Covid-19 to increase cannabis production in Albania, Interpol and the European Center estimates

Covid-19 to increase cannabis production in Albania, Interpol and the European Center estimates
 In Albania, which is a producer of cannabis for European markets, the cultivation of this plant is expected to increase, while the sources for law enforcement have shifted to enable the implementation of restrictive measures against Covid-19. This is the conclusion reached in the latest joint report of Interpol and the European Center for Drug Monitoring and Drug Addiction (EMCDDA).

This finding comes as Albania is preparing to legalize cannabis production for medical purposes only. The increase in production seems driven by the lack of this product in European markets after the pandemic and rising price of cannabis in many countries, such as France, Belgium, Norway, Spain, etc. While the availability of cannabis (supply) has declined in most European countries. The same trend has been observed for heroin and cocaine.

According to the report, some trafficking routes from the Western Balkans to the rest of the region and the EU are still in use, based on large seizures of cannabis in Montenegro, North Macedonia and Serbia. Moreover, in May, the report says, more than a tonne of cannabis was reported near the Greek-Albanian border.

The report says cannabis production in the Western Balkans is expected to increase due to shifting priorities in law enforcement towards compliance with pandemic restrictions.

The report, the second since November 2019 (where drug markets were analyzed), looks at developments in the European narcotics market following the Covid-19 effect.

"The economic effects of the crisis are likely to make our communities more fragile, both in terms of the drug problem and the implications for the drug market," said Alexis Goosdeel, director of EMCDDA.

According to the report, “Global travel restrictions and other measures as a result of COVID-19 pandemic have had a temporary limiting impact on the European drug market leading to shortages and higher prices for some types of narcotics, but the situation is subject to rapid change”.

Although production appears to be continuing, 14 experts reported a decrease in availability and an increase in plant cannabis prices at retail and/or wholesale market levels. The increase in retail prices of vegetable cannabis in some member states means that there has been a shortage of supply during pandemics, which is likely to be related to distribution issues.

Reducing availability is probably a temporary effect that can result from restrictions on drug markets due to social distancing, cannabis storage, or border closures, limiting trafficking between countries.

Albania, the largest producer of plant cannabis trafficked in the EU

The previous November report, "Drug Market 2019", a publication conducted once every three years by the European Drug Monitoring Center (EMCDDA), cites Albania as the largest producer of cannabis trafficked in the European Union, the money of which cash is transported by car to Albania and invested in real estate, construction, and tourism. The report cites the empowerment of Albanian-speaking criminal groups (including Albanian-speaking individuals from Albania, Kosovo, Macedonia, etc.) in European Union countries, especially in the trafficking of heroin and cocaine in the UK, by displacing Turks and others.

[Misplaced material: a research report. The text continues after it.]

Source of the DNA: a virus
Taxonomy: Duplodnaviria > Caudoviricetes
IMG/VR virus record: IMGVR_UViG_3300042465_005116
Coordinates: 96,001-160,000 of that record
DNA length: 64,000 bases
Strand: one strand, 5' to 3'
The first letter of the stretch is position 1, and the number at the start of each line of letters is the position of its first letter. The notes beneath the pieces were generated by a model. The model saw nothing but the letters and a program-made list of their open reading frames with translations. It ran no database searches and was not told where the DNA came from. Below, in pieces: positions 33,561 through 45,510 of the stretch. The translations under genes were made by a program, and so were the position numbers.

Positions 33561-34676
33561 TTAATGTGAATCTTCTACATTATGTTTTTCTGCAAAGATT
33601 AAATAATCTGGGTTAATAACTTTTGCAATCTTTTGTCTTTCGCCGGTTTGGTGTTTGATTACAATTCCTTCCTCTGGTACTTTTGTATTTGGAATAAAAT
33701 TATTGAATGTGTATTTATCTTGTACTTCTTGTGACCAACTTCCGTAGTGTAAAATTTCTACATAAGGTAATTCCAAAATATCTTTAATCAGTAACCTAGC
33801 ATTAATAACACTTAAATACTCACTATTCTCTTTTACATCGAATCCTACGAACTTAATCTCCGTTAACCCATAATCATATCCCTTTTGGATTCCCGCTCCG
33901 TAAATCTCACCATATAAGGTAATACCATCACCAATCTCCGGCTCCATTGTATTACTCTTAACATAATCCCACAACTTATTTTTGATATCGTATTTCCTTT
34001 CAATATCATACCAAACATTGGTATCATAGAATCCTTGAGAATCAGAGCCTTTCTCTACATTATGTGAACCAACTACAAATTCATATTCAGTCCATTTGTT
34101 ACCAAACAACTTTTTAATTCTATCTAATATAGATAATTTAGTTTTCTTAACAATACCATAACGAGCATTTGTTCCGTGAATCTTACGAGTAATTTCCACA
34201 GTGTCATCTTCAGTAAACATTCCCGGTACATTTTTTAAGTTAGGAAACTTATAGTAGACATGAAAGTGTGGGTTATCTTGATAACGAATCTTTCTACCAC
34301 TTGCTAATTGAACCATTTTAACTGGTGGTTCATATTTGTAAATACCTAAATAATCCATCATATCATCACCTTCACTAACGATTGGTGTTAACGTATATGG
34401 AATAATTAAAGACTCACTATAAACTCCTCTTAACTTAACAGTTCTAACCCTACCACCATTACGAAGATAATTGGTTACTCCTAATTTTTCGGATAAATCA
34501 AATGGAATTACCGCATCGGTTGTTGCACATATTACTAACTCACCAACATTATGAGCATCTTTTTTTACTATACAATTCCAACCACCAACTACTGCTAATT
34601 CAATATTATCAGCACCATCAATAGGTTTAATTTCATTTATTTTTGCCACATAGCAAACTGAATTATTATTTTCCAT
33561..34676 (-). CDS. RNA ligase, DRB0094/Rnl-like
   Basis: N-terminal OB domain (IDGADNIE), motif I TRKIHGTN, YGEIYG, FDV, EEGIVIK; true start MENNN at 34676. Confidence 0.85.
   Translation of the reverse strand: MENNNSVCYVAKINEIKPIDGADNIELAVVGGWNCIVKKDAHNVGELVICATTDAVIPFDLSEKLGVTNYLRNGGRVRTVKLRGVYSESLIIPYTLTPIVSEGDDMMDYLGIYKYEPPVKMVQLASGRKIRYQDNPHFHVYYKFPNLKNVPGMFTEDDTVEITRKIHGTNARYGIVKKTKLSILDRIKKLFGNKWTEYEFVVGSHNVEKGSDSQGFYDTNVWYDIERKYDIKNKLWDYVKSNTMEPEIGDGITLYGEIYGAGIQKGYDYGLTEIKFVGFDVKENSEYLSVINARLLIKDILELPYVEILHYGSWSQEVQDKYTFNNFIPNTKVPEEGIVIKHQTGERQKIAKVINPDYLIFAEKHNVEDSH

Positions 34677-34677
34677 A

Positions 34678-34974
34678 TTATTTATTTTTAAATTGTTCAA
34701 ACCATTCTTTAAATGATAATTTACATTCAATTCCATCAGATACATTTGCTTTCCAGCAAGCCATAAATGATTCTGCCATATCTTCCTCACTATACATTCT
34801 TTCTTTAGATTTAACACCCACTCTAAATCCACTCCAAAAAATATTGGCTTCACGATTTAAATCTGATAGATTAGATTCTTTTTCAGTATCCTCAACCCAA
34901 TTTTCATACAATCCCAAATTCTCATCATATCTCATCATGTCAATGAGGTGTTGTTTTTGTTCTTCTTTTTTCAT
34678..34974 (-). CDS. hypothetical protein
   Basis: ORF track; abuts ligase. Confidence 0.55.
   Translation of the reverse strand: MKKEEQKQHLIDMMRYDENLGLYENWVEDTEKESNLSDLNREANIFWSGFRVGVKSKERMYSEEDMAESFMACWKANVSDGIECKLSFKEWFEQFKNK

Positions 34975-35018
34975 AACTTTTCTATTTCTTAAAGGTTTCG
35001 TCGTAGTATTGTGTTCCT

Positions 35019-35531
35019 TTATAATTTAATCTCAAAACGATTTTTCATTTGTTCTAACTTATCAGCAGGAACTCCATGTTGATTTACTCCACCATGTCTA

According to the report, “Albania is likely to be the largest producer of cannabis trafficked in the EU. During 2017 and 2018, large-scale trafficking of cannabis from Albania to the EU continued. Italian herbal cannabis seizures increased from nearly 42 tonnes in 2016 to more than 90 tonnes in 2017, reflecting the intensification of trafficking activity across the Adriatic Sea. In response to the growing pressure exerted by the Italian authorities, Albanian-speaking criminal organizations, often in collaboration with those of the Italian mafia style, are now targeting countries further north along the Italian coast. Greek coast guard reports regular movements of small high-speed ships from Albania and Italy to the Aegean and Ionian seas, with the aim of smuggling cannabis to Turkey. Albanian-speaking criminal organizations cooperate with others in several EU member states: Austria, Croatia, Greece, Hungary, Italy, Romania, Sweden, Turkey, and the United Kingdom. These countries have reported increased seizures of cannabis, of Albanian origin. Albanian-speaking criminal organizations involved in plant cannabis trafficking also use cash cashiers, who usually smuggle money into Albania from the EU by car. In Albania the cash is used to invest in real estate, construction, and tourism.
Covid-19 to increase cannabis production in Albania, Interpol and the European Center estimates Covid-19 to increase cannabis production in Albania, Interpol and the European Center estimates Monday, June 01, 2020 Rating: 5
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